Chicken Rice

Getting Fat on Chicken Rice in Singapore

Last updated on November 30th, 2018

Chicken rice is to Singaporeans, what steak and fries is to Parisians, fish and chips to Londoners etc. You find it everywhere and everybody is eating it at some point or another. I haven’t gone more than a few weeks without eating chicken rice. If you eat at a hawker centre during your lunch break, you’re bound to walk by a chicken rice stall at some point, and unless it is really bad (I’ve never really had bad chicken rice, just okay ones, lah!), you’ll sooner or later eat chicken rice.


What’s Singapore chicken rice?

Chicken rice is a dish from Hainan Province in southern China. It’s travelled with the Chinese Diaspora in Southeast Asia, and you’ll find versions of chicken rice in Singapore, Malaysia, Thailand, Cambodia, Indonesia etc.

Although I’ve eaten lots of chicken rice, I’ve never cooked it myself but I’ve watched people make it on a few occasions. Grab a whole chicken, and poach it below boiling temperature (a little simmer is all it needs). Use the resulting chicken stock infused with ginger, garlic and pandan leaves to boil some rice. Dip the cooked chicken in ice water to produce the rubbery jelly skin finish. Serve the bird with the rice accompanied with dark soy sauce, freshly chopped garlic, freshly chopped chili, chili sauce, boiled cucumbers (I prefer the pickled ones), and suitable pickled or fresh vegetables. Don’t forget to drink a whole bowl of chicken stock soup!


Where to find chicken rice in Singapore?

The great thing about chicken rice is that you can have it in all kinds of settings: at a hawker centre for $2.50, all the way to a five star hotel or restaurant for ten times the amount (and maybe a few more trimmings).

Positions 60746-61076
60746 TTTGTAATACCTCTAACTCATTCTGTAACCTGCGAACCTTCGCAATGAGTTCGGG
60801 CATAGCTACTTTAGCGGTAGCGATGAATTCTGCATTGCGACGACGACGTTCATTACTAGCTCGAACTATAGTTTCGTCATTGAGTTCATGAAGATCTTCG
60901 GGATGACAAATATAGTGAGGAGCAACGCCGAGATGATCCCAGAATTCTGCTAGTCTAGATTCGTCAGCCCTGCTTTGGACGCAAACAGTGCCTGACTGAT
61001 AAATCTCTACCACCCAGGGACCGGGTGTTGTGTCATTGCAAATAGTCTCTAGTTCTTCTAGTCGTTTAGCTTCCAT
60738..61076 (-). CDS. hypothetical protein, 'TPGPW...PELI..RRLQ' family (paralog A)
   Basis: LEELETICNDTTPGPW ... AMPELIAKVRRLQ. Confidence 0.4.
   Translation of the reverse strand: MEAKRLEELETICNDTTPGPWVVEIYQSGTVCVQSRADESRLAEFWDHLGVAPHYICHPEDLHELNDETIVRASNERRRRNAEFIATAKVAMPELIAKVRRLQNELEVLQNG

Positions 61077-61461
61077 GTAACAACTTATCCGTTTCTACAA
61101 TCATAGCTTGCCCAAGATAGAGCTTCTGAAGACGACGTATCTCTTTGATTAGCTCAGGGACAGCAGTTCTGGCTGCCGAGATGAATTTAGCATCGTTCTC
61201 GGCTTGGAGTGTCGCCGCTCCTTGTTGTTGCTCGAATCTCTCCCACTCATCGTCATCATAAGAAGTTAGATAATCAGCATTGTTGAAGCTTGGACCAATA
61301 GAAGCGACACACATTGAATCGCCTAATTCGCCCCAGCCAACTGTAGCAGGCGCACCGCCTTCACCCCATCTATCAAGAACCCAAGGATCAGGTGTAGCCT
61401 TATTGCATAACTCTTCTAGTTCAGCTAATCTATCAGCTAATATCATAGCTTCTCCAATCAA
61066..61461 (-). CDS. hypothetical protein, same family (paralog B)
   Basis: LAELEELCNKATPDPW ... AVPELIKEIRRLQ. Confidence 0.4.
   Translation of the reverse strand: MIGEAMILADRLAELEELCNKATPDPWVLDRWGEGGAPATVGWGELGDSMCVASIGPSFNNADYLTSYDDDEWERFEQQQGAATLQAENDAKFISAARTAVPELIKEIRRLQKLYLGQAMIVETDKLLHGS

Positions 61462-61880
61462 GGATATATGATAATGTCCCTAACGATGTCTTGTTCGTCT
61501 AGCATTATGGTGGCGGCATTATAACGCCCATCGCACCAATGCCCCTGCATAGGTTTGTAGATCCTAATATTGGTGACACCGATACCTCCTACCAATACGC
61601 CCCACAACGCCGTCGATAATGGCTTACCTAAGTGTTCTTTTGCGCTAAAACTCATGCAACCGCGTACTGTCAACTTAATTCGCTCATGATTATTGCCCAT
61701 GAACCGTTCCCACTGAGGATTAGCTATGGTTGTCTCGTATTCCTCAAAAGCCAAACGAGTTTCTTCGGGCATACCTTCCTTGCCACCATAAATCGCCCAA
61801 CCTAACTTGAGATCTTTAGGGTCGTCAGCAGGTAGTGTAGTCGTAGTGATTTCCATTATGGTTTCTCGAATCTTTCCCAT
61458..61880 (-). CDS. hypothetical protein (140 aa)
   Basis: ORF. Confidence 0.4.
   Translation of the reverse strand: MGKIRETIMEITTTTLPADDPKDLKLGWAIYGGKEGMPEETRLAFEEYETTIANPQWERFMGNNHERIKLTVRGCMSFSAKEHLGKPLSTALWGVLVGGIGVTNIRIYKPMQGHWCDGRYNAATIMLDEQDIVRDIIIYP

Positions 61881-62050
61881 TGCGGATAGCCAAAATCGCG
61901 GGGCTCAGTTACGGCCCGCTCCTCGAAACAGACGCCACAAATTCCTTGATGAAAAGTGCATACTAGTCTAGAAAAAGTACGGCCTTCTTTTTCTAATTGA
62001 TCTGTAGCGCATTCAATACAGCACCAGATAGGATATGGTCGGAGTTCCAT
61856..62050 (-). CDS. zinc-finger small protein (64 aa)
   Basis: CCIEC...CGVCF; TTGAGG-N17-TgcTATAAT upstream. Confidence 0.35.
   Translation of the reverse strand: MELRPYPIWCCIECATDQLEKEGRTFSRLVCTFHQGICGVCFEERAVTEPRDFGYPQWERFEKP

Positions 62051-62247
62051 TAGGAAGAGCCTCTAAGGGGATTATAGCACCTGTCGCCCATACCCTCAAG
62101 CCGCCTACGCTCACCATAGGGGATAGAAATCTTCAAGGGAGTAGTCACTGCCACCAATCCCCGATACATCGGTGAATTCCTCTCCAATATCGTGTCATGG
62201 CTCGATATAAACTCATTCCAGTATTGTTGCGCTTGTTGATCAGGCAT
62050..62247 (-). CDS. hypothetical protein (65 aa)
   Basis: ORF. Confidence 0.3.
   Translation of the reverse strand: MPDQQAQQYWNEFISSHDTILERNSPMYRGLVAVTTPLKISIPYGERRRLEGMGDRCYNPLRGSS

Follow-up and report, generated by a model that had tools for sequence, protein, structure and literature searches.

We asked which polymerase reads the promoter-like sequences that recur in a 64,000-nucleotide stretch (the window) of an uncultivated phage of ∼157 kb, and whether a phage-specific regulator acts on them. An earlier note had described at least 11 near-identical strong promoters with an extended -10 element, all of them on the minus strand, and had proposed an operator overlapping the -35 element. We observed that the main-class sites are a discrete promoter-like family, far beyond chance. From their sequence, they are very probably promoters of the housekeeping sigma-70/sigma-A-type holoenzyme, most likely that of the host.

Many fine establishments and hawker stalls vie for the title of best chicken rice in Singapore. And you periodically get lists of the top in town. But to tell you the truth, unless you can’t cook, any chicken rice stall is going to have a line of customers at lunch break. Sometimes you have several chicken rice stalls at the same food court, and one of them is going to be the obvious winner of this epic struggle. If you can’t wait and are already hungry, the stall with fewer people lining is probably okay too.
Chicken rice is so popular in Singapore, you won’t have to look for it. It’ll come looking for you!


Breast or leg?

When you order chicken rice, you’ll be asked whether you would like breast meat or leg meat (drumstick). The meat with the rubbery skin will be served, often the bones too (but you can ask breast without bones)! Generally, leg meat tends to be not as well cooked as white meat. So if you like it well done, ask for well cooked leg meat.

Can you have both? I’ve had both breast and leg meat at the same time, but it was in a restaurant. If you want both, you’ll probably have to order two portions or share with a friend.


Getting real fat on chicken rice

What’s good about the chicken rice is the rice soaked in the juices of the chicken. It’s on the oily side, nothing like fried foods, but you won’t need lip balm after your meal. I love alternating between mouthfuls of chicken meat, flavorful rice and the little bits and pieces of spicy, sweet or sour vegetables. Wash everything down with hot tea to try to make chicken rice more digestible. Beer will also do fine.

If you’re watching your weight, you don’t want to finish your rice, focus instead on the meat and vegetables. Oily rice alone is very filling. The average hawker stall will have smaller portions (but they’re usually generous with the rice). Some restaurants will serve mountains of rice as it’s cheaper than meat.

Of course you can also order white steamed rice instead of the oily rice soaked in chicken juices, but you’d be missing out on the fully fledged dish.

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Want more than chicken for lunch? Try Singapore chilli crab, another popular local dish.